Books

Dylan by Schatzberg: A New Photography Book Is A-Coming

by Wendy Sy Photographed by JERRY SCHATZBERG. FROM THE BOOK ‘DYLAN BY SCHATZBERG’, PUBLISHED BY ACC ART BOOKS.
Tuesday, October 9, 2018


Jerry Schatzberg’s apartment on the Upper West Side—right next to Central Park—is filled with books and VHS tapes all shelved on the wall in alphabet order. Well, not all. The first shelf can use some organizing, the photographer and film director says on a late August afternoon. On the coffee table in the center of the living room are four copies of his new book, Dylan by Schatzberg (ACC Art Books). Each is in a different language: English, Italian, German and French—hot off the press. The English version will drop in the U.S. on October 25.


Throughout the 262 pages are rare photos, mostly in black and white, of Bob Dylan during a pivotal time in his music career—the ‘60s. In the mix are also shots of typewriter lyrics and handwritten notes. “My friends Nico and Sara [who later married Dylan] kept telling me to listen to Dylan,” says Schatzberg, in a pair of rimless oval eyeglasses, a faded black Bob Marley t-shirt, dark blue jeans and beige Premiata sneakers with red laces. At the age of 91, his memory is as sharp as ever, recalling moments rather quickly, like it was yesterday. There were moments, however, that he would pause before conjuring up a thoughtful answer to a question. “I finally listened to Dylan and was very impressed.” It was the combination of honesty and art in the folk-rock singer-songwriter’s work that resonated with him, and still does to this day.



Schatzberg connected with Dylan through rock and roll journalist Al Aronowitz. At that moment, he was already a respected figure in the photography world, having shot fashion and photography portraits for Vogue, Esquire, and Life, among others. As quoted by Julia Morton in the book: Schatzberg is “The right guy at the right time in the right place.”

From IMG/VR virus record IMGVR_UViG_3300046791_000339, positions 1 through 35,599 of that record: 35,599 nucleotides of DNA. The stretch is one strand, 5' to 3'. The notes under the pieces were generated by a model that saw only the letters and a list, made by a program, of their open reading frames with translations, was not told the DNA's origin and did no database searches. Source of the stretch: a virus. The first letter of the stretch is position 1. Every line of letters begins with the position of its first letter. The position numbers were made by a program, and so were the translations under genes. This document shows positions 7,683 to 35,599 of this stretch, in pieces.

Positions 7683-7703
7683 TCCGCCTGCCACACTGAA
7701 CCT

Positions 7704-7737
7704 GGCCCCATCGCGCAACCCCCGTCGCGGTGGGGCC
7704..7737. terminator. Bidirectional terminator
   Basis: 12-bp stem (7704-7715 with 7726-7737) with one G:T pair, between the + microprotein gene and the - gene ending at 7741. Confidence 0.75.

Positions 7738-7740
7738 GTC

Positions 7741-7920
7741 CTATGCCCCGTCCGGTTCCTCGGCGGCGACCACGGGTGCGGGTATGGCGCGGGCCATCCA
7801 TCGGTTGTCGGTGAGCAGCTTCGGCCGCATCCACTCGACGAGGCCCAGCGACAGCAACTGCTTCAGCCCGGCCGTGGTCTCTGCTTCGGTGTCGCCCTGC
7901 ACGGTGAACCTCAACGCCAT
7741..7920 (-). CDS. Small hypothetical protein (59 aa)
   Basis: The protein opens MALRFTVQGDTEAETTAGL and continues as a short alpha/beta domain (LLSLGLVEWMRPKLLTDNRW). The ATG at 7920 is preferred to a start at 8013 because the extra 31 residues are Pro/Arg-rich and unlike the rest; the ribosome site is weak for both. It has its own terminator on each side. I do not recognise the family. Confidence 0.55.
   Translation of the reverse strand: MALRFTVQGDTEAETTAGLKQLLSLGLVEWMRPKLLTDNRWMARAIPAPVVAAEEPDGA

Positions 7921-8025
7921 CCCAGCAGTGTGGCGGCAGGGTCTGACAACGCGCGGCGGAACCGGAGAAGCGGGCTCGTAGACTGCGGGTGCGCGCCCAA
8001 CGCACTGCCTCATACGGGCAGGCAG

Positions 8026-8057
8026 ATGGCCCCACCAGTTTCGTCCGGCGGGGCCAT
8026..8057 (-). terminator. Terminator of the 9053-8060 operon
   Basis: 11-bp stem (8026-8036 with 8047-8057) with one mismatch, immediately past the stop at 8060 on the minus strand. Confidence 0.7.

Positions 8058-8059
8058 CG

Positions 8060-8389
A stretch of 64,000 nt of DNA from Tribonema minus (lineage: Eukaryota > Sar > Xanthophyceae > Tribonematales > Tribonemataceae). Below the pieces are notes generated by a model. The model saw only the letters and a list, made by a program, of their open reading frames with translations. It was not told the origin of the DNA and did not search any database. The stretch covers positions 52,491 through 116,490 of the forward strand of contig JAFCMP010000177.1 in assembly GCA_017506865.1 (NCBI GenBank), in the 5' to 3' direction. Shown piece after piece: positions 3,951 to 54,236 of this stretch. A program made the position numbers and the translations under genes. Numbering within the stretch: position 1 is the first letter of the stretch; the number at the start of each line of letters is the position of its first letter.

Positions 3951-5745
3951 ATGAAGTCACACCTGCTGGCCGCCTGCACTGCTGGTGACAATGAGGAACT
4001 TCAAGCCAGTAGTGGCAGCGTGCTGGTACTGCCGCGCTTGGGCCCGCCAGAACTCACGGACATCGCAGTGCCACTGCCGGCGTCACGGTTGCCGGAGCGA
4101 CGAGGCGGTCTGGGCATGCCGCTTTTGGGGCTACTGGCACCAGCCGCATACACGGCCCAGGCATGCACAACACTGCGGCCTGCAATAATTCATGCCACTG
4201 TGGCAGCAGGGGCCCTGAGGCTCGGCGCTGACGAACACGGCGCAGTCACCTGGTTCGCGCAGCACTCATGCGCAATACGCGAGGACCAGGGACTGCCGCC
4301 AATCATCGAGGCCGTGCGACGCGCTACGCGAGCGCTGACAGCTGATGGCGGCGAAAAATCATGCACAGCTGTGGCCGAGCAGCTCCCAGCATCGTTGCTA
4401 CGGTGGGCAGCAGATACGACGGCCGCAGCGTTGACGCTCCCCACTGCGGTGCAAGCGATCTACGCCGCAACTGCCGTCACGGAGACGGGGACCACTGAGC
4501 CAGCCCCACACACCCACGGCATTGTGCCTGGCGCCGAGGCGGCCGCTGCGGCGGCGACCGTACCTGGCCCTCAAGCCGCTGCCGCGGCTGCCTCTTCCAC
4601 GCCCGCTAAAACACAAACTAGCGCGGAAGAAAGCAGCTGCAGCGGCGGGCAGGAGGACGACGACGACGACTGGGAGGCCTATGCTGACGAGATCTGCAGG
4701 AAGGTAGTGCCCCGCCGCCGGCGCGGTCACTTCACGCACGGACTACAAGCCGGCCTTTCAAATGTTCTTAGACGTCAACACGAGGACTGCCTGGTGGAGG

Dylan always had a thing for privacy, especially towards the press, but was welcoming towards Schatzberg when they first met at his studio, where he was recording Highway 61 Revisited. “He greeted me like an old friend. Through Aronowitz and Sara, I think, my credentials were pretty good,” says Schatzberg.


And that’s when it all began.


He captured Dylan in candid and posed shots at every angle, playing with shadows and props. There’s Dylan looking up, looking down, to the side, close-ups of his messy curly hair, narrow face, tab-collar shirt and pinstripe pants. There’s Dylan holding his harmonica, a cross, a set of keys, a picture frame of a woman, and so on. In these photos, he always seemed to have “an ominous, looming presence,” as noted by Jonathan Lethem in the book. From the placement of his hands over his eyes to the to the hazy fog of his cigarette smoke, it’s all about the composition of these little details that make each shot compelling, moving, and a bit mysterious. Perhaps the rarity of Dylan’s interviews added to his intrigue. It wasn’t until 2004, with the release of his memoir Chronicles: Volume I (Simon & Schuster), that the public really had a chance to hear the first person narrative on his career.


Dylan recording session for Highway 61 Revisited, 1965



Dylanophiles may find some of the photos familiar, as many are also in Schatzberg’s 2006 release of Thin Wild Mercury (Genesis Publications), although the two books differ significantly in text and design. Thin Wild Mercury is a 300-page collector’s item, a limited-edition run of just 1,500 signed copies with a cloth bound slipcase, and oh yes, the few that are available today are mostly sold upwards of $1,000. The beginning of the text focuses on Dylan’s life and transitions to highlight Schatzberg’s childhood and career. Dylan by Schatzberg, by contrast, will be sold for $70 and starts with Aronowitz’s New York Herald Tribune article “A Night With Bob Dylan” from December 12, 1965. It continues in a Q&A format between Lethem and Schatzberg. “His probing allowed me to realize what I had initially captured subconsciously,” says the author in the acknowledgments. In true Schatzberg style—who later directed 11 films—it reads like an ongoing dialogue, a screenplay in book form.